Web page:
Is Media Ruining Body Image?: Interview with Ryan Sturgeon

Desiree Brightnose: So do you feel that media, as in advertising and social media, affect individual’s body image?


Ryan Sturgeon: Yeah, I believe that it has a huge impact on the way that we see ourself. And it’s a loaded question, I think I’ll answer it in a couple different ways.


With body image, a lot of times you see things in the media that don’t portray typical people. It’s very over representative looking at the kind of “perfect body”.


What everybody should inspire to be. And they don’t show a lot of imagery with people with disability, people with different body sizes and shapes, people even of colour sometimes.


And so you see a certain image and they try to sell products too, and they are kind of saying inexplicitly in their advertising, that if you look this way, you will be a better person in a certain way. So if you look this way, then you’ll have money, you’ll have love, you’ll have all the things in life that all the people want to have in life.


And so, in advertising, you have somebody that already comes into the situation where they look a certain way and then, of course, they have photoshop and various things like that. They spend hours and hours and hours trying to make this person look a certain way.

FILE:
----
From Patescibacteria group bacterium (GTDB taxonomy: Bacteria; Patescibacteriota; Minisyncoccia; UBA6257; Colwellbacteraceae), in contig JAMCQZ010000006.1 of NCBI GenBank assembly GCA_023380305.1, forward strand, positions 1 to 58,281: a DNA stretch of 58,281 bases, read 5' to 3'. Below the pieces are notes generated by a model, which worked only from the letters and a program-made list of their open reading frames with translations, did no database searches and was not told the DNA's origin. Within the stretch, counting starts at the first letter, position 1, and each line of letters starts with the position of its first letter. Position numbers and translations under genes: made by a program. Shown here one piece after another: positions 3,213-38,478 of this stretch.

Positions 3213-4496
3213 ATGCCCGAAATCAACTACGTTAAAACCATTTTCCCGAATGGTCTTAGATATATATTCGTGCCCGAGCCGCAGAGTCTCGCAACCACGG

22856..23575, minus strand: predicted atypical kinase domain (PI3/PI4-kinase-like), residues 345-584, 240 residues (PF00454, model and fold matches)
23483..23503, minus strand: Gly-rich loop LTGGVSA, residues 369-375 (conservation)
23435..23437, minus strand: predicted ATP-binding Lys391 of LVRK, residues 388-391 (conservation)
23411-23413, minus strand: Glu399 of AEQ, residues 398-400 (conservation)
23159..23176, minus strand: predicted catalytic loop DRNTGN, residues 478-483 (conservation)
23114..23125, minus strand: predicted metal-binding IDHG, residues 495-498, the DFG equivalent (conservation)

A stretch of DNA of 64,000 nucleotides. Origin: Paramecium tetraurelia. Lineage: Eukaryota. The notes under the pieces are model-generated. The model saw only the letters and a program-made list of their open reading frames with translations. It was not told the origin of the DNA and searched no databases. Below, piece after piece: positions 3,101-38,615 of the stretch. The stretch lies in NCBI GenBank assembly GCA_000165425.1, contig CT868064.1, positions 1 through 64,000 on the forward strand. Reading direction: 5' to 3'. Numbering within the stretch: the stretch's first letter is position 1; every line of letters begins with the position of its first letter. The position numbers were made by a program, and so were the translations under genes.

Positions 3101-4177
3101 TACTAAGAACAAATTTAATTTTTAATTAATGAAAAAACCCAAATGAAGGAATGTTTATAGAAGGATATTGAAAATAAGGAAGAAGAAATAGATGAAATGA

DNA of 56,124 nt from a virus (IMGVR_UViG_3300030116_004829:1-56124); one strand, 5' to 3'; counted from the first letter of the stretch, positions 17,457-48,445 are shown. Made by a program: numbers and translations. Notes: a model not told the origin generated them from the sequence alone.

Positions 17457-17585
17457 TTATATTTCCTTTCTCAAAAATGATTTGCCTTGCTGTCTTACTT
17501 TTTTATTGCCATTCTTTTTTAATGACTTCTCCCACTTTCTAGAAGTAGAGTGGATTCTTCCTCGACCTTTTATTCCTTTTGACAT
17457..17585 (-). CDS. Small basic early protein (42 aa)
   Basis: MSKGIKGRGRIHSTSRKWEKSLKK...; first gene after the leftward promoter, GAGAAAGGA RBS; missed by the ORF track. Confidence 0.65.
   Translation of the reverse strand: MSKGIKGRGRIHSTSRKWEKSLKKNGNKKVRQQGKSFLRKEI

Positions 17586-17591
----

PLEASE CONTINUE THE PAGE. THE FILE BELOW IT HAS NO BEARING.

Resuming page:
And after their many hours of trying – then they take their pictures that are all stage. And then afterward they photoshop for another few hours. And so, the outcome is very, very unrealistic. It’s not an image of a person, its an image of an ideal. And when you’re comparing ourselves to an ideal, obviously we are gonna fall short.


So I think that its a real problem is telling us that we are not good enough. If you want to have an adolescent to become depressed, give them a beauty magazine.


So I think it does hugely affect our self-image. I’ll give you a statistic, one in two teen girls according to Canadian Pediatrics Society. And one in four teenage boys have tried dieting to change the shape of their body. And so for girl, it’s a little bit different. Often times it’s to look slimmer, to look sexier and so on and so forth.


But for boys its to beef up to look more masculine. And so it’s that stereotypical masculinity and femininity thing, where a boy has to look big and muscular. And this all comes at a time when teenagers – there bodies are changing a lot. 


And they look out of proportion because of all these changes. So I think it’s even more harmful for the adolescent population for sure.


Brightnose: Thank you so much for your time, Ryan. I really appreciate it.


Sturgeon: No problem, thanks for coming by.